In this third of a series of blogs focusing on joy in work, I am reminded of some data or ‘statistics’, if you will, that I came across as I prepped for my recent TEDx JIBC talk, “The Joy Revolution: Igniting Passion and Connection at Work”. I thought I’d bring them into our conversation today. However, with these stats, it is not my intention to suck the joy out of you or set the condition for negativity; yet they are highlighted to emphasize the critical need for us to welcome and fan joy in our workplaces … here they are:
Burnout –Global News/CBS/CNN) reported that the World Health Organization is now recognizing burnout as a medical condition in their ICD (International Classification of Diseases). As a quick follow up to this, I recently heard a very interesting conversation on the CBC recently that reported that ‘entitlement’ is no longer the defining description of millennials … the word now is burnout.
Loneliness – often considered a private emotion, its impact on productivity and morale is huge. Nearly 20-25% of Canadians sometimes or always feel lonely or isolated at work (reported by the Health Insurer – Cigna).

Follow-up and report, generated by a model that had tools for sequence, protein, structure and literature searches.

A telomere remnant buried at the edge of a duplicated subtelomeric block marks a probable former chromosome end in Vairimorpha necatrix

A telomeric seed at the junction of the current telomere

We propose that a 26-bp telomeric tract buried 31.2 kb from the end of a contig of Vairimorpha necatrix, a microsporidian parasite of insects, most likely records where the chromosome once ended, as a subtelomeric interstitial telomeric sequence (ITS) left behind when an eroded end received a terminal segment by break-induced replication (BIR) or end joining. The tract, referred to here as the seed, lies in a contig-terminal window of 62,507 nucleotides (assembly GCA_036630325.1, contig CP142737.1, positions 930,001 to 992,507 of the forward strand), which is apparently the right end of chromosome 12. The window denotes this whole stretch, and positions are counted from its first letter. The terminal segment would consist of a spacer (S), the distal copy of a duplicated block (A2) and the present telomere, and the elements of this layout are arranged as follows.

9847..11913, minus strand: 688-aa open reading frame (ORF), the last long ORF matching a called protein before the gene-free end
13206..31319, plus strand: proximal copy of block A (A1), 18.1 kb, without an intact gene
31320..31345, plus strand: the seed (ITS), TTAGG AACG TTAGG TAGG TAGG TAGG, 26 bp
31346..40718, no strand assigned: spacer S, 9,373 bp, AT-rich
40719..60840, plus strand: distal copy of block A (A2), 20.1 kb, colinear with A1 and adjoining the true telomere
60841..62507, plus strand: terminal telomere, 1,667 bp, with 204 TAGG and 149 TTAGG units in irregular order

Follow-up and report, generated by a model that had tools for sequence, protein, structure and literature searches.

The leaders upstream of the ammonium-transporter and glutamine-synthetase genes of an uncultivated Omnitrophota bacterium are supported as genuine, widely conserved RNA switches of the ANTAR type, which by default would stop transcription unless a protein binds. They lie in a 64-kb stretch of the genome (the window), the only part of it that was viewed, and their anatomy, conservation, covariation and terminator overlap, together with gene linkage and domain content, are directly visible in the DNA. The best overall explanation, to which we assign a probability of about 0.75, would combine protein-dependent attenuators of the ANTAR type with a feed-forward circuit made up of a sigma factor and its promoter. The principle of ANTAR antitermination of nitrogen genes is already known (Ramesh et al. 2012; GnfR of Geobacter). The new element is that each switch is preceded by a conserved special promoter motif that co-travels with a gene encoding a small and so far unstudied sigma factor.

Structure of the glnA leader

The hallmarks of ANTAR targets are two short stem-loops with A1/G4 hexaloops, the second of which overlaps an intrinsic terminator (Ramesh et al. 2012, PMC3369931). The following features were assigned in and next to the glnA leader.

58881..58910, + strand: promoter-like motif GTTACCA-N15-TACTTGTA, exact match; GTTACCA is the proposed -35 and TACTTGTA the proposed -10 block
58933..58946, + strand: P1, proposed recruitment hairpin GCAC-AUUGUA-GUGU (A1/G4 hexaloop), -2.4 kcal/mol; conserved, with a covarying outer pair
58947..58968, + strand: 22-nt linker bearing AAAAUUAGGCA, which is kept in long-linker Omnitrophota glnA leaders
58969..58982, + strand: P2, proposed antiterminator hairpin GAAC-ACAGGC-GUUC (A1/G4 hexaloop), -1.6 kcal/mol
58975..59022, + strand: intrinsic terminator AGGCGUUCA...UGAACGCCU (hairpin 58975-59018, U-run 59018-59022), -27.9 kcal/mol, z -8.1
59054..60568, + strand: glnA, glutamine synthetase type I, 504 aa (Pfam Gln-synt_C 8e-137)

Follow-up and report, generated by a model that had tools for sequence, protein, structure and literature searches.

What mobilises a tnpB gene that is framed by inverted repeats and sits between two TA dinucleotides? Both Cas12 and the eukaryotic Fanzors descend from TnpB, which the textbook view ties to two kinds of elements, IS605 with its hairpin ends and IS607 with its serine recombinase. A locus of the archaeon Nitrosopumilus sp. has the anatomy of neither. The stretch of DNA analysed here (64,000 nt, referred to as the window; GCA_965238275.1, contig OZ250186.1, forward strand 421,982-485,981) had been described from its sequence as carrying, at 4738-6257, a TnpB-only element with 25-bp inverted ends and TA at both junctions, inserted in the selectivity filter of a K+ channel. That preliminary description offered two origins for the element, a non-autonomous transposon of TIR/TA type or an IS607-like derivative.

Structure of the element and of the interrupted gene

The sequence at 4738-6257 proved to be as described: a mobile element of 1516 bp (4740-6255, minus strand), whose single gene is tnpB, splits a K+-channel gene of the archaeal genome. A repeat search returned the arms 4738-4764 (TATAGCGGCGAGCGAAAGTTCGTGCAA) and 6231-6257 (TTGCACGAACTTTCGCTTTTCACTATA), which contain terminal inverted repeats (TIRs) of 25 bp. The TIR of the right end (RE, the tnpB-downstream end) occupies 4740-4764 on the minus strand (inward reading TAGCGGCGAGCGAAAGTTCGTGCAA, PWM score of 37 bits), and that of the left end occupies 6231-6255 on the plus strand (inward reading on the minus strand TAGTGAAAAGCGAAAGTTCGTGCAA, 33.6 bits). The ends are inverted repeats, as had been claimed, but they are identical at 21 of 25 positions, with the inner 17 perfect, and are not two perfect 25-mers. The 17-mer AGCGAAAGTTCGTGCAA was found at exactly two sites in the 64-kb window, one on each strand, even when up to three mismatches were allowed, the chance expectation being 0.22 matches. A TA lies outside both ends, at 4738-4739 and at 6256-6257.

Disconnection – Disconnection is the outcome of loneliness and emotional withdrawal. As Dr. Brené Brown has found in her research, human beings are hard wired for connection and belonging.
Disengagement – Recent stats reflect that in North America, employees are 70% disengaged. People are pretending to work (presentee-ism), and are more apathetic than ever before, which speaks to work environment, satisfaction and team and organizational culture.
Meaninglessness – Feeding into disengagement above, people are not able to find meaning or purpose in their work. The ADP Research Institute – whose mission it is to “generate data-driven discoveries about the world of work” – in 2016 completed its Evolution of Work study, which analyzed key factors transforming the global workplace. They identified five basic human needs that today’s workers are looking for: freedom, knowledge, stability, self-management and meaning.
And, I firmly believe that the impact of these phenomena is a serious joy deficit both for the individual employee and the organization at large.
For me, it is important to understand and reflect on the impact of these phenomena in my own workplace and the workplaces I am privileged to engage with. But, not to live “in” them.
What have you noticed that may impact your ability to find joy in work? How do you reflect on or notice them?